The laws of contributory negligence and comparative negligence help determine if an injured party can recover at all, and if so, what amount.
Contributory negligence is an old English common-law doctrine that said if an injured person did anything that contributed to the injury, then he or she could not recovery at all for their losses. Butterfield v. Forrester, 103 Eng. Rep. 926 (1809). The theory being that the injured person’s negligence contributing to the injury broke the causation chain from the defendant’s negligence almost in a ‘but for’ type of reasoning. It was also buttressed by the self-reliant streak that a wrongdoer (here the injured person) should not profit from his own wrongdoing. Bielski v. Schulze, 16 Wis. 2d 1, 16 , 114 N.W.2d 105 (1962). This led to unjust and inequitable results in Wisconsin and nationwide. As a practical matter, some juries would tend to ignore the plaintiff’s culpability or contributory negligence in order to reach a ‘fair’ result.
To be upfront about the legal determination, some courts and then state legislatures adopted what has become known as comparative negligence. Comparative negligence compares the percentage of negligence causing an accident or injury of all parties involved for purposes of determining whether and to what extent any injured party can recover damages from another party. Under comparative negligence, the contributing negligence of the injured party is not an absolute bar to recovery, but only a factor that reduces recovery according to the injured parties percentage of responsibility in causing the injury. This is fair and equitable. Wisconsin passed a comparative negligence law in 1931.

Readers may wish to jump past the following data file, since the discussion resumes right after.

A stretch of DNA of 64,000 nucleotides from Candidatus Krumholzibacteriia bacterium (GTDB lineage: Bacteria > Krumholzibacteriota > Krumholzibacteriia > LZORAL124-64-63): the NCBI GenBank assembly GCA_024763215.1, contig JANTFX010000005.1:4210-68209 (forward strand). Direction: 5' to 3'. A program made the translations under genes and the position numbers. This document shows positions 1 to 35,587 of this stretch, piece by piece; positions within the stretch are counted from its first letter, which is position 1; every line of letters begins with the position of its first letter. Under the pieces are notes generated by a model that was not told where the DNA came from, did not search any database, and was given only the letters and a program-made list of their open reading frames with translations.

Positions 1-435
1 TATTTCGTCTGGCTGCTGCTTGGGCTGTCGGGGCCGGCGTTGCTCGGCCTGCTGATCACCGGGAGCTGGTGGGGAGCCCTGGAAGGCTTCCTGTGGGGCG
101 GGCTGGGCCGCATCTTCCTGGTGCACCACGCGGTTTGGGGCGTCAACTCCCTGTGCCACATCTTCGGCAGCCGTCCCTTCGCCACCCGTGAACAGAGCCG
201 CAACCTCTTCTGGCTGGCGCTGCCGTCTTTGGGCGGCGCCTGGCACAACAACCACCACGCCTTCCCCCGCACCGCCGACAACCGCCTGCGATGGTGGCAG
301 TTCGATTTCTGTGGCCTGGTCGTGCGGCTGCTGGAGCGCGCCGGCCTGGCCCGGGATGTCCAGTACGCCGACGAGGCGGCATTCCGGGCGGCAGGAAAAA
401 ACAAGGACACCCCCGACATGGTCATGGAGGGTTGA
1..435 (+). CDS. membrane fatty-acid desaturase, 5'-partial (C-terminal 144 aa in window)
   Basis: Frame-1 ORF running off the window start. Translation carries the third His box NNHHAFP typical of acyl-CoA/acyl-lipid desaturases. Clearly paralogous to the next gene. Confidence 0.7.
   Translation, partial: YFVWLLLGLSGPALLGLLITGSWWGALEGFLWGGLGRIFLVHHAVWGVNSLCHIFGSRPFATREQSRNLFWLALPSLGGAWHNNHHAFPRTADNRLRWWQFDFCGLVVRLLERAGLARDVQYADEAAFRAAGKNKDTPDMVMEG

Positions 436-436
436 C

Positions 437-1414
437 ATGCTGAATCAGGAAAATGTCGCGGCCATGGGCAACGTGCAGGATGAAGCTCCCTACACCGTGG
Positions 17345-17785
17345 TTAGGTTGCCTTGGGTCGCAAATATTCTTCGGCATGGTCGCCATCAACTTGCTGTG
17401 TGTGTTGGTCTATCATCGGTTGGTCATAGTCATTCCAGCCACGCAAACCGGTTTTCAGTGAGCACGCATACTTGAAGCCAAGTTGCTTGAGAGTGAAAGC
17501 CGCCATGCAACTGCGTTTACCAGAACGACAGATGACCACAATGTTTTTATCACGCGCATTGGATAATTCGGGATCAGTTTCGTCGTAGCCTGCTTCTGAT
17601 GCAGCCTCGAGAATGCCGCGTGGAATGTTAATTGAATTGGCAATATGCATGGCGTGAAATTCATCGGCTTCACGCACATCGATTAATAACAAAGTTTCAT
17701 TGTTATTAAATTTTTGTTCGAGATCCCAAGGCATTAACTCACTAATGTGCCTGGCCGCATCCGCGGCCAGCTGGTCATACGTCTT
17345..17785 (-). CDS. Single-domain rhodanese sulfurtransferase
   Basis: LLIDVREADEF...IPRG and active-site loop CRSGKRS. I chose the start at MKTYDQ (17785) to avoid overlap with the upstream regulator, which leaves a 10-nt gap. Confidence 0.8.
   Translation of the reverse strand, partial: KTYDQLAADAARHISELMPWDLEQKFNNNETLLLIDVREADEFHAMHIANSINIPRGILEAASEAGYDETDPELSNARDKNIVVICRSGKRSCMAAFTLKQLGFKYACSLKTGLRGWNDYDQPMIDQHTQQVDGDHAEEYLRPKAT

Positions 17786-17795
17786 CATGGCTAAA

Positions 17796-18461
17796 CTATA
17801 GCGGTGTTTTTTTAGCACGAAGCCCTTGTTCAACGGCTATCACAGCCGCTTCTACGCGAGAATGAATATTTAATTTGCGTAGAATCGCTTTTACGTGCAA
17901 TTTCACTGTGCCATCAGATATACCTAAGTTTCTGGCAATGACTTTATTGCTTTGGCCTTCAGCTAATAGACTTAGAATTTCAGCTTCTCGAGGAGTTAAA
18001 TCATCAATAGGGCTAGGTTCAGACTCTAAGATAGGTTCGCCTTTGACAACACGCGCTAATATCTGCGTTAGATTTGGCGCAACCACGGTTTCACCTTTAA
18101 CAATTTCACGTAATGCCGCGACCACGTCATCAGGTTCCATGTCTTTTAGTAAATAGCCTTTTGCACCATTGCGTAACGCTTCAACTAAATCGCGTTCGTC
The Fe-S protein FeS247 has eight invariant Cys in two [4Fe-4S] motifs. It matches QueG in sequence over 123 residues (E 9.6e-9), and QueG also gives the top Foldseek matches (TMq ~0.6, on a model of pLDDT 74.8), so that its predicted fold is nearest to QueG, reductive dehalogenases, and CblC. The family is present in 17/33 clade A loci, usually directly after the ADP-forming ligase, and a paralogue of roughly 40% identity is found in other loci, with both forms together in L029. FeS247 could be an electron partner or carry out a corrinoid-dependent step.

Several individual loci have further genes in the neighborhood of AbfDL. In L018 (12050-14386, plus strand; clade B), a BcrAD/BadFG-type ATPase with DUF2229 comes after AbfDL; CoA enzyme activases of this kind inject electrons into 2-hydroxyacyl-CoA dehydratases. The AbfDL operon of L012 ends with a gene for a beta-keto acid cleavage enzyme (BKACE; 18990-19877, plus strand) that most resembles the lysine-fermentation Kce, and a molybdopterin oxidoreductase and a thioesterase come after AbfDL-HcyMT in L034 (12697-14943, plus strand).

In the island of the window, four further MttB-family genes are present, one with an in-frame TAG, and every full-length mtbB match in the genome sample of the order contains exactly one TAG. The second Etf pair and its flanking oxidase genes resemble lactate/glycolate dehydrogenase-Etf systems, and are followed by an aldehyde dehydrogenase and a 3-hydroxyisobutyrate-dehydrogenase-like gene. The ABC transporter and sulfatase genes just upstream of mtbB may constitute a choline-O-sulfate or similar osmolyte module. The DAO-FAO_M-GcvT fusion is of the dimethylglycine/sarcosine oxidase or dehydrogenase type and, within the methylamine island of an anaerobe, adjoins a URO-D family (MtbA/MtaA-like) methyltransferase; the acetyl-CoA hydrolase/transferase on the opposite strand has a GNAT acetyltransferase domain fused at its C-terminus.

Currently in Wisconsin, Wis. Stats. Sec. 895.045 requires the plaintiff’s negligence to be compared with the negligence of the person against whom recovery is sought, and the claimant is allowed to recover from that person if the claimant’s causal contributory negligence is equal to or less than that person’s negligence. The plaintiff’s recovery is their loss, reduced in proportion to the amount of causal negligence attributable to the plaintiff. If the negligence of a person from whom recovery is allowed is greater than or equal to 51% of the total causal negligence, that person is liable for the full amount of the allowable recovery. If the negligence of a person from whom recovery is allowed is less than 51%, that person is liable only for, and can only be compelled to pay, the percentage of the allowable recovery equal to that person’s percentage of the total causal negligence. Multiple parties and product liability law can be more complicated calculations.
McCormick Law Office in Milwaukee, Wisconsin achieves medical bills, wage loss, pain, suffering and disability for person’s injured in Wisconsin car accidents.